The Public Parkland Planning and Design Guide will be used by planners, developers and designers, both within government and the private sector, to ensure communities have adequate access to quality parkland.
Sport and Recreation Minister Terry Waldron said the guide – produced by the departments of Sport and Recreation and Water – recognised that parkland was critical to the health and wellbeing of communities, and needed to be planned, located and designed to best meet their needs.
“Communities need access to parkland for a range of reasons. They are places to gather for events, pursue an active lifestyle through sport and play, and of course to relax and contemplate,” Mr Waldron said.
“Our parklands are important community assets that help keep us healthy, active and socially connected.”
Parkland refers to land that has been reserved for the purpose of formal and informal sport and recreation and/or preservation of natural environments such as bushland, wetlands and rivers.
The guide recognises the WA climate is drying with challenges on water supply. It explores access to fit-for-purpose water for parklands and acknowledges that water resources must be used efficiently.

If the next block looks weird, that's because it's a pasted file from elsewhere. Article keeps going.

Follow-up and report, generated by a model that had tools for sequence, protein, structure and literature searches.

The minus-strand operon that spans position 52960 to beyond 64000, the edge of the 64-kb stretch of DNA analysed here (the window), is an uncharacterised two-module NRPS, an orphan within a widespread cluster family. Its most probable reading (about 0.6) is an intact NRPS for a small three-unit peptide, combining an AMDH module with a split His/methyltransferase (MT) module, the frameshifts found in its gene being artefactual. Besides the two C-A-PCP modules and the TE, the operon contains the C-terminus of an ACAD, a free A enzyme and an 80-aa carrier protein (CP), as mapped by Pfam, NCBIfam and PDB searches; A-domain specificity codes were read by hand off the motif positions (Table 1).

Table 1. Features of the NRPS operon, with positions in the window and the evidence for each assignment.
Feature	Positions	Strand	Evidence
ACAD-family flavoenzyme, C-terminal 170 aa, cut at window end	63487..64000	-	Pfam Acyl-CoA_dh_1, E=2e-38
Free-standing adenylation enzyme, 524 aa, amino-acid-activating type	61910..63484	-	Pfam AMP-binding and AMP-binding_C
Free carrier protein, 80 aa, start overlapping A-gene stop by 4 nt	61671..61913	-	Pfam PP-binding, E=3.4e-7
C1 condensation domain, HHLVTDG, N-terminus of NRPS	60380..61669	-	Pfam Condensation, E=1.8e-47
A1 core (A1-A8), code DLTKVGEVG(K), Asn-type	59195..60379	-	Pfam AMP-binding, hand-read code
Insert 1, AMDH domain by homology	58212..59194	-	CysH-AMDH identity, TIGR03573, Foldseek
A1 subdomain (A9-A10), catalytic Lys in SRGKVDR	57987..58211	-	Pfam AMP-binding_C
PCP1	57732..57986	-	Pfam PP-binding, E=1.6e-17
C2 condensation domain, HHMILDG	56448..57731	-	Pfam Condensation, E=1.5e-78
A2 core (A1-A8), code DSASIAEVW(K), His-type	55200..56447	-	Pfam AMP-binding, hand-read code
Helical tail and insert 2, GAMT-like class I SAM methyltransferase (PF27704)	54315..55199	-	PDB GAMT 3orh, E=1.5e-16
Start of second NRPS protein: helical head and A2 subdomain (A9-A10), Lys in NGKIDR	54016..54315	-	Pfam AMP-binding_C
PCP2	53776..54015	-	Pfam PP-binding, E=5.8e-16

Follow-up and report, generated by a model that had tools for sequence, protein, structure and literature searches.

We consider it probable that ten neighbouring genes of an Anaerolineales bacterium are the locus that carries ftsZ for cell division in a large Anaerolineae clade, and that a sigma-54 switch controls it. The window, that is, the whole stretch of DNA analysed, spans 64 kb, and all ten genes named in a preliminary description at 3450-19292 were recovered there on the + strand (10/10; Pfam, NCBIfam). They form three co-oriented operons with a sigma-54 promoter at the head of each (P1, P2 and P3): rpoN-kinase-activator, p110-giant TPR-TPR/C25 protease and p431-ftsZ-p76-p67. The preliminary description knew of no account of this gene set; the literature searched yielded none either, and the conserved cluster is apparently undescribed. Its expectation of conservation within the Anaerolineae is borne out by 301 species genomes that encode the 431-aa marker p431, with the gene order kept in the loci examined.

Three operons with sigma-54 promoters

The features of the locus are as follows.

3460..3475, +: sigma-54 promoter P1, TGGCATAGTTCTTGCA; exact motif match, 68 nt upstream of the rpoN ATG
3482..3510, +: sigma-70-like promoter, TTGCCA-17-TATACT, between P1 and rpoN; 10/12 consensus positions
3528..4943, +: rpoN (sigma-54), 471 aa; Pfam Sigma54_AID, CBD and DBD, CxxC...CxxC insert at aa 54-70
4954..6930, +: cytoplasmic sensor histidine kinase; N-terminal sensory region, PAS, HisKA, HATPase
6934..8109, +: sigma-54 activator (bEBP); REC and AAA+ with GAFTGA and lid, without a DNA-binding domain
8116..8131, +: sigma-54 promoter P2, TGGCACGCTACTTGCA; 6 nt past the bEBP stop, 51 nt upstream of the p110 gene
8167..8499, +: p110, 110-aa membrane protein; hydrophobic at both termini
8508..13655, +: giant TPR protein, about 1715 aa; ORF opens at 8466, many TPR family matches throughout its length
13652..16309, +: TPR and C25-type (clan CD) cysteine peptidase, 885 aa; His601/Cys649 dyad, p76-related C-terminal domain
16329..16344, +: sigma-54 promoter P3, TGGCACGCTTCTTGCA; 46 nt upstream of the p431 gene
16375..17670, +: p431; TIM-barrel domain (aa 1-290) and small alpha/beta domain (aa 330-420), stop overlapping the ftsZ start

“Government has collaborated with the turf industry, planners, urban designers and local governments to develop a guide which responds to the unique challenges and parkland needs of Western Australia in the 21st century. Through good planning, sensitive design and appropriate management, water availability should be no obstacle to creating parks that are attractive, adaptable, accessible and resilient.
“In fact, the Department of Water has already been working with developers using the North West Corridor Water Supply Strategy to ensure groundwater is available to developers in the north-west corridor from Quinns Rocks to Yanchep.”